On Kant's Idea of Humanity as an End in Itself

Sven Nyholm

Research output: Contribution to journalArticleAcademicpeer-review


Writers like Christine Korsgaard and Allen Wood understand Kant's idea of rational nature as an end in itself as a commitment to a substantive value. This makes it hard for them to explain the supposed equivalence between the universal law and humanity formulations of the categorical imperative, since the former does not appear to assert any substantive value. Nor is it easy for defenders of value-based readings to explain Kant's claim that the law-giving nature of practical reason makes all beings with practical reason regard the idea of a rational nature as an end in itself. This article seeks to replace these value-based readings with a reading of the idea of rational nature as an end that fits better with the overall argument of the Groundwork.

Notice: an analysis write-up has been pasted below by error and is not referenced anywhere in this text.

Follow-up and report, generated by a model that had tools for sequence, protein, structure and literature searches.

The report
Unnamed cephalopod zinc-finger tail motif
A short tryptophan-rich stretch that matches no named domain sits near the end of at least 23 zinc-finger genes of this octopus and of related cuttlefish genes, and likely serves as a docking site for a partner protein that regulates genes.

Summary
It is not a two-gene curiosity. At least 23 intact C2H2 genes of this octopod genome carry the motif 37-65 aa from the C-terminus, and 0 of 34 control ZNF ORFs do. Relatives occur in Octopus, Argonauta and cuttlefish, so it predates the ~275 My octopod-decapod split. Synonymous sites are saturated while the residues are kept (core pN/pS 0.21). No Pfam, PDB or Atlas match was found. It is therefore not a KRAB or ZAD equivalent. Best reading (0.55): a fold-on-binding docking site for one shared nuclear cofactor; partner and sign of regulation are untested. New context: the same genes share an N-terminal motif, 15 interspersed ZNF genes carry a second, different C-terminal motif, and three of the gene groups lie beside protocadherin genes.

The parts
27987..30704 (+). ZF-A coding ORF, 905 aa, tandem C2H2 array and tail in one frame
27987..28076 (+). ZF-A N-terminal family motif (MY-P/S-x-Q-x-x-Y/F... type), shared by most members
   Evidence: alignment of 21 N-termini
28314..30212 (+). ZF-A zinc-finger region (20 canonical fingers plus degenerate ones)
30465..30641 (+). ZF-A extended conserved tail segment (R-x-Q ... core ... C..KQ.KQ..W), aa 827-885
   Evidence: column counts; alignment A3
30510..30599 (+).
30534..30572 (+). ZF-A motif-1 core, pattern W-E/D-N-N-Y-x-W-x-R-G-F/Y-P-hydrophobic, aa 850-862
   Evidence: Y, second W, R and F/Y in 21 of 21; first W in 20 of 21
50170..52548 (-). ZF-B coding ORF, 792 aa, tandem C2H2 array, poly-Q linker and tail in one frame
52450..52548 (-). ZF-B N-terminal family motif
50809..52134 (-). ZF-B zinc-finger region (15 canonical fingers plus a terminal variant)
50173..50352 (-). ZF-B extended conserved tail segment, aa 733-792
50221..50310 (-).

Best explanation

Original languageEnglish
Pages (from-to)358-374
Number of pages17
JournalEuropean Journal of Philosophy
Issue number2
Publication statusPublished - 1 Jun 2016


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